ASN logo
ASN Wikibase Occurrence # 134996
Last updated: 13 November 2019
This information is added by users of ASN. Neither ASN nor the Flight Safety Foundation are responsible for the completeness or correctness of this information. If you feel this information is incomplete or incorrect, you can submit corrected information.

Date:12-FEB-2003
Time:13:30 AEST
Type:Silhouette image of generic R44 model; specific model in this crash may look slightly different
Robinson R44 Astro
Owner/operator:Private
Registration: VH-AIC
C/n / msn: 0063
Fatalities:Fatalities: 0 / Occupants: 1
Other fatalities:0
Aircraft damage: Written off (damaged beyond repair)
Location:4 km NNE Mareeba Aerodrome, Mareeba, Queensland, -   Australia
Phase: En route
Nature:Executive
Departure airport:Shipwreck Bay, Queensland
Destination airport:Mareeba Aerodrome, Mareeba, Queensland (YMBA)
Narrative:
On 12 February, 2003, at about 13:30 local time (AEST), a Robinson Helicopter Company R44, registration VH-AIC, was destroyed following an attempted auto rotation at the Mareeba Aerodrome, Mareeba, Queensland, Australia. At approximate Coordinates 1704′09″S 14525′09″E).

The Robinson R44 helicopter departed from Shipwreck Bay, Queensland at about 12:45 AEST (Australian Eastern Standard Time) on the final leg of a charter flight to Mareeba aerodrome. The pilot intended to track directly to Mareeba aerodrome under the Visual Flight Rules, with an expected en-route flight time of about 45 minutes. The pilot did not submit a flight plan to Airservices Australia, nor was a flight plan required, but the company retained a flight notification form for search and rescue purposes.

At about 1 nautical mile to the south of Mareeba township, at a cruise altitude of 1,000 feet and an indicated airspeed of about 95 knots, the pilot heard an unusual noise associated with the main rotor blades. The pilot reported that the noise sounded as though a potato chip packet had been caught in the blades and a violent vibration occurred in conjunction with the unusual noise.

The pilot was unable to identify or read the aircraft instruments because of the vibration and was unable to adequately control main rotor RPM after the onset of that vibration.

The violent vibration necessitated a landing. The pilot entered auto-rotation and selected a paddock for the forced landing. He reported that the helicopter was difficult to control during the descent. In particular, he was unable to turn the helicopter with left and right cyclic inputs. In particular, while cyclic inputs altered the attitude of the helicopter left and right it would not turn in the selected direction. The pilot also reported that it was difficult to control main rotor RPM during the auto-rotative descent and he relied upon the low rotor RPM horn and light as an indication of rotor RPM. The horn and light activated intermittently during the descent.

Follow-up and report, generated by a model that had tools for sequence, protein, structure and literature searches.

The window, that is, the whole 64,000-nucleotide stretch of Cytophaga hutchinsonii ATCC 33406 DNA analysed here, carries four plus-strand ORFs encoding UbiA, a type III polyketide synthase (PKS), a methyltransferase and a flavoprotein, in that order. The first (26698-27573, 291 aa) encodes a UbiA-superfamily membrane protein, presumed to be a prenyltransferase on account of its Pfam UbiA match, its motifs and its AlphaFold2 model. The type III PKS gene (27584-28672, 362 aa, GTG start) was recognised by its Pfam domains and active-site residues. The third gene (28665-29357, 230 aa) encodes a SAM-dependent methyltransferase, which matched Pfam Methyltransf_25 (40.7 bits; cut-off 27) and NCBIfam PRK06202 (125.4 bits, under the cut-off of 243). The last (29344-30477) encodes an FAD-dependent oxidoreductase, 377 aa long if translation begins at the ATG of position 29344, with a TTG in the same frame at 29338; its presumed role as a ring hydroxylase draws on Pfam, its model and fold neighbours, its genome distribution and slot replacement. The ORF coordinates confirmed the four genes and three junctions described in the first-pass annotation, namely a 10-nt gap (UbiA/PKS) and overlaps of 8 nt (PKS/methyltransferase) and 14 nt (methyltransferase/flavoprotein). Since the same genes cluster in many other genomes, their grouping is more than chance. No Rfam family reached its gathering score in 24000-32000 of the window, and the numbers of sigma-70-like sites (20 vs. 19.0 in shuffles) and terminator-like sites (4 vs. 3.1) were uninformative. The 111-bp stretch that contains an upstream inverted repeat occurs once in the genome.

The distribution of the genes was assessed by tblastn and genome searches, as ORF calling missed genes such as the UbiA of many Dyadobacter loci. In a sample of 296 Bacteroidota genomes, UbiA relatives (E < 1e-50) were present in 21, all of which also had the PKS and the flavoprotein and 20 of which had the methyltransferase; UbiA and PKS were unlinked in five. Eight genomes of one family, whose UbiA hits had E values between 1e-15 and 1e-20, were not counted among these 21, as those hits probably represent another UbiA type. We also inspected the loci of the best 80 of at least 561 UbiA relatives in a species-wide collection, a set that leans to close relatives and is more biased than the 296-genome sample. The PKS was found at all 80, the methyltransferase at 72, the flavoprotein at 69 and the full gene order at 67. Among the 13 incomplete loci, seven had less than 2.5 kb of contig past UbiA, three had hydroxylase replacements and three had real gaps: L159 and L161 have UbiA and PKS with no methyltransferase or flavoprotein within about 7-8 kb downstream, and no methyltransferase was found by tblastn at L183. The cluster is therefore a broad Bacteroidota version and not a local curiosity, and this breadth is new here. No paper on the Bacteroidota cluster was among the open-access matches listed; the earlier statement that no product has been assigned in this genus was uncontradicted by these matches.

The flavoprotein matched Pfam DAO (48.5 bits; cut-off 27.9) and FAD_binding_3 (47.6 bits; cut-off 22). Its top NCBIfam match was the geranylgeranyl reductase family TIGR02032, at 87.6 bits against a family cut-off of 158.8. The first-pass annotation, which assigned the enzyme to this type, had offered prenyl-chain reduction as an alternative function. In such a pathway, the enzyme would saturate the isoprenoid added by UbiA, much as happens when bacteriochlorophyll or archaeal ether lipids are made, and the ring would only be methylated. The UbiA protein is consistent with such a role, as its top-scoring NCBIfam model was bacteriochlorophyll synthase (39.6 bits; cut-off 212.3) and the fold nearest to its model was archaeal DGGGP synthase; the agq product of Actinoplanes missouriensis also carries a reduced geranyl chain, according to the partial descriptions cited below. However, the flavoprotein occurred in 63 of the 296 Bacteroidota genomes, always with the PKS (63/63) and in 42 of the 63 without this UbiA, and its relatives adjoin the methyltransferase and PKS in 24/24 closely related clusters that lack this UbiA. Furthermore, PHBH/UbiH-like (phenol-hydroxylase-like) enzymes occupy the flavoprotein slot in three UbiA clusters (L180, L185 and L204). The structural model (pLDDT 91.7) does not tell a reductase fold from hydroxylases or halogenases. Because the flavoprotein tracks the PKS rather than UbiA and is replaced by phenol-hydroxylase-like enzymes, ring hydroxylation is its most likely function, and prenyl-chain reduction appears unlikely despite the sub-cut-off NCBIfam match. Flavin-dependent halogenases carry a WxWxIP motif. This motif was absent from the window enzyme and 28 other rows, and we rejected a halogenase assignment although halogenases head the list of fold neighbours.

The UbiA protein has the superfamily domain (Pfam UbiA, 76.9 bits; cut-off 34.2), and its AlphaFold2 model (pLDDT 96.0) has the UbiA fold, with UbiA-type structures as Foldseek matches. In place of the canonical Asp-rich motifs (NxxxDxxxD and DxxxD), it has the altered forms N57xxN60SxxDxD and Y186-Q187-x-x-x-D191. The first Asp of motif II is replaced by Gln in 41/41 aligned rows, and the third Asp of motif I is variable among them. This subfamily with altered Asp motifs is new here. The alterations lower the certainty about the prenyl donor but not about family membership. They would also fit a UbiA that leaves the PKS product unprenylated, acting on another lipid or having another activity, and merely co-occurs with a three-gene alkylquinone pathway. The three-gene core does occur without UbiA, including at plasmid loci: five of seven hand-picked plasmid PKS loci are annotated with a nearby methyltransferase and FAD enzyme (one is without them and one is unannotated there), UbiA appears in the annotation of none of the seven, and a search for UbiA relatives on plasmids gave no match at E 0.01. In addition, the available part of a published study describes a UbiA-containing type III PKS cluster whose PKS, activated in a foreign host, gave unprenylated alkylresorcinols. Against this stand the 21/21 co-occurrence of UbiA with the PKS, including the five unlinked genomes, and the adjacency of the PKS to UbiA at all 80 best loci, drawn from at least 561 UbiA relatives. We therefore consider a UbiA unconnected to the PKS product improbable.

During the descent, the helicopter struck power lines and was substantially damaged. The pilot reported that he was unable to avoid the power lines because of the ineffective cyclic inputs. The pilot and passenger, the only occupants, suffered minor injuries.

A report from the accident site indicated significant main rotor blade skin disbonding 60 mm from the tip and extending 1070 mm inboard on one blade and the beginning of skin disbonding on the other blade. The ATSB conducted a preliminary investigation and it was apparent that the problem was a continuing airworthiness matter. ATSB released the main rotor blades to the Civil Aviation Safety Authority (CASA) for further examination as part of an airworthiness investigation.

CASA subsequently issued Airworthiness Directive AD/R44/18 - Main Rotor Blades (Robinson R44 Series Helicopters) effective 3 March 2003. That AD directed operators of Robinson R44 Series helicopters to visually inspect and test main rotor blades' upper and lower skin-to-spar seams for evidence of disbonding of the laminate structure. Any blades that showed evidence of disbonding were to be removed from service. The AD requires the carriage of the AD on board the helicopter and the inspections in accordance with the AD `immediately before further flight' from 3 March 2003 `and thereafter at each daily inspection'.

Sources:

1. http://www.atsb.gov.au/publications/investigation_reports/2003/aair/aair200300316.aspx
2. http://www.griffin-helicopters.co.uk/accidentdetails.aspx?accidentkey=4215
3. NTSB Identification: ENG03RA008 at https://www.ntsb.gov/about/employment/_layouts/ntsb.aviation/brief2.aspx?ev_id=20090512X15534&ntsbno=ENG03RA008&akey=1


Revision history:

Date/timeContributorUpdates
19-Dec-2011 00:12 Dr. John Smith Updated [Time, Cn, Operator, Location, Phase, Departure airport, Destination airport, Source, Narrative]
02-Sep-2016 21:12 Dr.John Smith Updated [Location, Departure airport, Destination airport, Source, Narrative]
16-Oct-2018 17:29 Dr.John Smith Updated [Time, Aircraft type, Destination airport, Narrative]

Corrections or additions? ... Edit this accident description